Yair Lapid isn't sure which Palestinians he wants to separate from or even how many of them there are, but he knows he needs a bigger wall to do it. Now is the time to get the Palestinians completely out of the lives of Israelis, according to Yair Lapid, head of the Yesh Atid ("There is a Future") party. The self-declared "centrist" politician called for a bigger, stronger wall to separate Palestinians from Israelis — urgently. Lapid made his remarks during an October 3 video interview he gave to Ynet, Israel's most popular online news site. A generous +972 reader volunteered to…Read More... | 1 Comment
Despite what Israeli leaders may have you believe, Islamic fundamentalism is not the driving force behind the latest violence. "Say a prayer before leaving your house, dress in your best clothing. Brush your hair well, and smile for the camera. You may end up as another poster on the bleeding walls of the city. No one is safe from their guns." — A young Palestinian from Silwan, Jerusalem, October 2015. This quote was written on Facebook a number of weeks ago by a young Palestinian who has been the subject of dozens of arrests and has spent much of his…Read More...
In response to the Reykjavik City Council's — since reversed — decision to boycott Israeli goods until the occupation is ended, Israeli politician Yair Lapid wrote an open letter to the Icelandic people titled 'The Hypocrisy of Boycott.' In his oped, Lapid argued that Israel should not be boycotted because doing so would harm its Arab citizens. One of those citizens responds. (Translated by Ofer Neiman) Dear Yair, What is Israeli to you? Actually, no need to answer. The time has come for you to hear what Israeli is to me. So what is Israeli to me? You are. I am…Read More... | 7 Comments
If the prime minister knew all along that he wasn't going to win the battle in Congress, why would he throw AIPAC and American Jewry into such a divisive fight? The Israeli prime minister's proxies and unofficial spokespeople tried their hardest to convince reporters on Wednesday that Benjamin Netanyahu knew all along his chances of blocking the Iran deal in Congress were slim at best. Yet much of the media in Israel is treating the administration's success in assembling 34 senators to defend a presidential veto as a political defeat for Netanyahu. “We knew that the agreement would pass but…Read More... | 1 Comment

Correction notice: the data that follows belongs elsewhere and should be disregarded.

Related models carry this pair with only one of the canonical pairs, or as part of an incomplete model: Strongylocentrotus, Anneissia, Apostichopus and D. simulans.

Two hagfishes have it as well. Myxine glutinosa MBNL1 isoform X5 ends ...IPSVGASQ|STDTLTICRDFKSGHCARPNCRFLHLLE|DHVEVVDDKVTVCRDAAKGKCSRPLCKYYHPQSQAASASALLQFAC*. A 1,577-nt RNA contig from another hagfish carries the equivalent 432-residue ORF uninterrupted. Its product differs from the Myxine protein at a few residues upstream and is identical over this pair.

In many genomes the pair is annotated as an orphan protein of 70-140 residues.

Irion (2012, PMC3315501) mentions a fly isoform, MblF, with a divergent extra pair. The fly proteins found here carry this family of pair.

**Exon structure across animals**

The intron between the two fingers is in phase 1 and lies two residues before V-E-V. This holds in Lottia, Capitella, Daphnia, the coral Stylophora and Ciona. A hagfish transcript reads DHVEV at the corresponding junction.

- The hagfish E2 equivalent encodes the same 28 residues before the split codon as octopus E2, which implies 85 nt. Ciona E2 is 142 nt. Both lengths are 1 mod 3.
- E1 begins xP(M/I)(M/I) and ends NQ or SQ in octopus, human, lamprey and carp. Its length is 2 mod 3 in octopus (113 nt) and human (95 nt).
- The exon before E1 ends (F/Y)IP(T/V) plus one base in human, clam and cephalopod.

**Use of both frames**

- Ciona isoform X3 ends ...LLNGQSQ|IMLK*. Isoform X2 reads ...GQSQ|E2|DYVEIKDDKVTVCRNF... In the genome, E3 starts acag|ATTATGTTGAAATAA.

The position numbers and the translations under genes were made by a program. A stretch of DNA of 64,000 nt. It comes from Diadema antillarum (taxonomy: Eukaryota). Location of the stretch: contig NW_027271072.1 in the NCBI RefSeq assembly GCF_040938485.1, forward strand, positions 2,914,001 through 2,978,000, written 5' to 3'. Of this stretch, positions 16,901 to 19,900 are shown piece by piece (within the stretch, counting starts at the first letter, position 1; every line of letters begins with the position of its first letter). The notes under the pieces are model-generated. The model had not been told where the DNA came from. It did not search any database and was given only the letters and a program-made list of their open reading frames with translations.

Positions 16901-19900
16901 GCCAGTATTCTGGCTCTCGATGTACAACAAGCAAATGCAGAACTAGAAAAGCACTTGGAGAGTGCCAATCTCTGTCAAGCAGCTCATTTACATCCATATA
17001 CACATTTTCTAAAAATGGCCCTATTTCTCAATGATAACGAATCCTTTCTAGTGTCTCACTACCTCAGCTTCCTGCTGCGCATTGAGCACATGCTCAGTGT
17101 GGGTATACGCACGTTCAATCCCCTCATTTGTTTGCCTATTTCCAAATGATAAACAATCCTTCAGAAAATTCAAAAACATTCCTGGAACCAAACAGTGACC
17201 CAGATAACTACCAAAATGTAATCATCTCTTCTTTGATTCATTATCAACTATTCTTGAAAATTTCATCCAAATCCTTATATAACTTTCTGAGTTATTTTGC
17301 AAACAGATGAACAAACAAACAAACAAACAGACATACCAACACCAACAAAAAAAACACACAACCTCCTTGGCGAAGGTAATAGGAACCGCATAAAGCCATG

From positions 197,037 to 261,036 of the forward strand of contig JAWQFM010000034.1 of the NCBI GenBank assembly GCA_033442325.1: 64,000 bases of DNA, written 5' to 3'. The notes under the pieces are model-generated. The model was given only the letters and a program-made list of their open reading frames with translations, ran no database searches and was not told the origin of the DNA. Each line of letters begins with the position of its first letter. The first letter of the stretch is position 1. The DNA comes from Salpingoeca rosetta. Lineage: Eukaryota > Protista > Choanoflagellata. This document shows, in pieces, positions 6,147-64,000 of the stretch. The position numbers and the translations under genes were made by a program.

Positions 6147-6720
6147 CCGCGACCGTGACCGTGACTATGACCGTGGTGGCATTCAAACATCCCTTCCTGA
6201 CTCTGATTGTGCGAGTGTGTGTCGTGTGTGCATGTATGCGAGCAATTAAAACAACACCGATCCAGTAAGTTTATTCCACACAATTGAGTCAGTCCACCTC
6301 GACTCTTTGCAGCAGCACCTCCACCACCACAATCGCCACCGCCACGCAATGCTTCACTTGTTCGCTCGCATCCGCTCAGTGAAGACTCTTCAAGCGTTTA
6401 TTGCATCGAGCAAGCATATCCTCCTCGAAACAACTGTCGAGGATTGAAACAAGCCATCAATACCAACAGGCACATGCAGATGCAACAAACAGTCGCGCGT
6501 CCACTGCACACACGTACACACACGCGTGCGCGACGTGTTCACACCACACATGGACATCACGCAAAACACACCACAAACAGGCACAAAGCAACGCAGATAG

The Israeli prime minister called elections hoping to strengthen his coalition, but he underestimated the personal resentment many Israelis feel toward him. One shouldn't, however, confuse the fierce competition for power with a battle over ideas: even if Labor wins, the end of the occupation is not around the corner. When Benjamin Netanyahu decided to fire Finance Minister Yair Lapid and Justice Minister Tzipi Livni and send Israelis to the polls for the second time in a little over two years, many people (myself included) defined these elections as “a referendum on Netanyahu.” Final results will only be in on…Read More... | 12 Comments
Without the Arab citizens there is no 'left-wing bloc' in Israeli politics. The only problem? The inclusion of Arabs was what led the Right to violently bring down the Left in the first place. By Lev Grinberg Since the assassination of Yitzhak Rabin, there have been no political blocs in Israel. No Left and no Right — only survival combinations. Therefore, all the talk of the “size of blocs” only distorts the depressing reality in Israeli politics, wherein the real issues are barely discussed. The reason there have been no blocs since 1995 is simple: the assassination of Yitzhak Rabin was…Read More... | 6 Comments
Herzog and Bibi’s political interests and the fragmented Knesset that is likely to emerge after the elections might force Likud and Labor into a power-sharing deal. Avigdor Liberman and President Rivlin already support the idea. The Israeli Labor Party, which will participate in the upcoming election under the banner of “The Zionist Camp,” held its primaries this week. Former party leader Shelly Yachimovich won second place (first place is reserved for party leader Isaac Herzog); Stav Shafir and Itizik Shmuli, two of the leaders of 2011’s social protest movement, were elected in top places. Altogether the list leans a bit…Read More... | 15 Comments